A 70-kilometre running race is too long to think about in its entirety, so the winners of the Salomon Lantau Trail 70 focused on the moment.
“I believe in the power of now,” women’s winner Elsa Jean de Dieu said. “I have a watch, but I never look at the time or the distance.”
Men’s winner Michael Skobierski said: “It’s about finding small things to look forward to. The finish line 30 or 40 kilometres away is too far to think about.”
Saturday’s LT70 started in Mui Wo and the runners were immediately confronted with Sunset then Lantau Peak. The entire race has over 3,000 metres of climbing but that is too intimidating for runners to think about.
“I aim for checkpoint to checkpoint, or familiar point to familiar point,” said Skobierski, who does not have a lot of experience with long distance trail running.
“Over these long distances, it’s almost impossible to avoid having a low. So you have to push through.”
Skobierski, who is originally from Austria, had one such trough between checkpoint two and three but focused on his next milestone to break through the wall.
Jean de Dieu, a painter and visual artist who runs her own art studio in Hong Kong, said although this was the first time she had run the LT70 she knows Lantau like the back of her hand.
She enjoyed it all, apart from the catch water because it is a long flat section that does not suit her strengths.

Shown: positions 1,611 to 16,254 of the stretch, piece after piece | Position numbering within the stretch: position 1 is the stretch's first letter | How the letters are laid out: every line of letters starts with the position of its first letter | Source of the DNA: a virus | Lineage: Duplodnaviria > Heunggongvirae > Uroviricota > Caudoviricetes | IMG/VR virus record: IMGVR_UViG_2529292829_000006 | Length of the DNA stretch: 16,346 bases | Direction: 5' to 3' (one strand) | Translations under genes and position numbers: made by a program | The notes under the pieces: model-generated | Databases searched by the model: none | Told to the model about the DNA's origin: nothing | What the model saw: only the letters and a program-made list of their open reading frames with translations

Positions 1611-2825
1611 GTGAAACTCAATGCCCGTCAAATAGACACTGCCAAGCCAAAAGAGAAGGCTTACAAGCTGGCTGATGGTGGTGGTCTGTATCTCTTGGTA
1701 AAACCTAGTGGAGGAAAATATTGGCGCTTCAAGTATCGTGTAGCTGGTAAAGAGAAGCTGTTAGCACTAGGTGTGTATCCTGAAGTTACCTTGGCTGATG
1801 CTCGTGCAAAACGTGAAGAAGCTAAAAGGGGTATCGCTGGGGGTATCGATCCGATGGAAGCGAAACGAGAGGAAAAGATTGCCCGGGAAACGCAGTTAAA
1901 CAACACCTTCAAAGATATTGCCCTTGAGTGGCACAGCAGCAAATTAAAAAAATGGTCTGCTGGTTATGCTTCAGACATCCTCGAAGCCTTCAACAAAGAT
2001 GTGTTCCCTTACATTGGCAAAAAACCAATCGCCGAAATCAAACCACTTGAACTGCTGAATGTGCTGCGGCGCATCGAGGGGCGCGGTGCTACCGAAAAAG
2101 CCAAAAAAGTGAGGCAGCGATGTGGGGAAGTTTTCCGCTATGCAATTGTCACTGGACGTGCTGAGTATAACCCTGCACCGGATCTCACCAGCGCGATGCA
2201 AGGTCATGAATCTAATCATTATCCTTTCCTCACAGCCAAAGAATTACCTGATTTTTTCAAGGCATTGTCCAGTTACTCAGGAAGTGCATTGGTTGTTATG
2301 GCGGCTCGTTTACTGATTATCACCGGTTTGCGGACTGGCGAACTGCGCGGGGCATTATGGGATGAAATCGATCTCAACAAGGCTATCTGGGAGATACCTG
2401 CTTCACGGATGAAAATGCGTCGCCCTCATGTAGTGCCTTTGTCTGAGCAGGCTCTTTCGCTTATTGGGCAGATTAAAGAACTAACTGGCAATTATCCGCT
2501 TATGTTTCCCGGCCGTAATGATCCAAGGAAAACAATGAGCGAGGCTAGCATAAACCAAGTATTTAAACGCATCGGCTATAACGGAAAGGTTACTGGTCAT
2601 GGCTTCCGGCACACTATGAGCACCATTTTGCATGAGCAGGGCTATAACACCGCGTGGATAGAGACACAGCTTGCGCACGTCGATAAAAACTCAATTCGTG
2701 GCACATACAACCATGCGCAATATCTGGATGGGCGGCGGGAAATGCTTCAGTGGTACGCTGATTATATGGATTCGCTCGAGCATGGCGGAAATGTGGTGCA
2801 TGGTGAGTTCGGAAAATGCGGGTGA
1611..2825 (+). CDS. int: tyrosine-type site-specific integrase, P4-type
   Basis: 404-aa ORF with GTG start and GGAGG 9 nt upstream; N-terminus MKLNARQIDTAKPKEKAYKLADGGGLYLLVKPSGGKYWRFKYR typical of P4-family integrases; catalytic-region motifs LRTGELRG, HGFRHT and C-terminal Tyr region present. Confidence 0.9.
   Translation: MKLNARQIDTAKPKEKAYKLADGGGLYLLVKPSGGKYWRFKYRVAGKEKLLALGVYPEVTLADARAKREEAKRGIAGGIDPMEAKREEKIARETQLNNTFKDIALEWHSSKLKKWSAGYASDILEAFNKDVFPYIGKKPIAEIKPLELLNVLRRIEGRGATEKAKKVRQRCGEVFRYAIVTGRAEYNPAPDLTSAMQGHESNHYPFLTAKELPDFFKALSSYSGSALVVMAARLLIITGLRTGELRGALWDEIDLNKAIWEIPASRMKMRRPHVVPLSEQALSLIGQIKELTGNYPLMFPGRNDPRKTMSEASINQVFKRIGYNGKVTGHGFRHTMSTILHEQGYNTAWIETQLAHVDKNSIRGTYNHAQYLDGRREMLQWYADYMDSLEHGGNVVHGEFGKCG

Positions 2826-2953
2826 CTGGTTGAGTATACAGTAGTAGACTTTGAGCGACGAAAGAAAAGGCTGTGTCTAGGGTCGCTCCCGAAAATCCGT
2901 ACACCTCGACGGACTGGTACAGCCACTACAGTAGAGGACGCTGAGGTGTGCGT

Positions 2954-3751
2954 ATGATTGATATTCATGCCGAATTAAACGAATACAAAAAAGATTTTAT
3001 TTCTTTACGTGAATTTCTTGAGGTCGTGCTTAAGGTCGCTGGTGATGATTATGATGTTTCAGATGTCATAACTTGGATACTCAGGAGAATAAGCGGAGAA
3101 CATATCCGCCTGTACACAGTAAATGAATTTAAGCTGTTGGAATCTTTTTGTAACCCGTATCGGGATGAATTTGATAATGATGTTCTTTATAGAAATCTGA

“But for the whole race I was in a good place in my mind,” she said.
Jean de Dieu gave her team strict instructions not to talk to her about times or distances when they saw her at checkpoints, so she could continue to focus on “the now” and avoid contemplating the mammoth distance.
“I never push my body too hard,” she said. “I always try to stay in my green zone.”
Jean de Dieu, who runs for Team Uglow and the Hong Kong Sports Clinic, finished in nine hours, 53 minutes, ahead of Sayaka Matsumoto (10:11) and Chiu Wai-yin (10:41).
Skobierski, who also runs for the Hong Kong Sports Clinic, finished in eight hours, 32 minutes. Thomas Robertshaw was second (8:38) and John Ellis this (8:49).
Five men finished with times under nine hours, indicative of the strength of the felid.
“I was considering a podium position,” Skobierski said. “But a win? I did not expect that, the field was very strong.”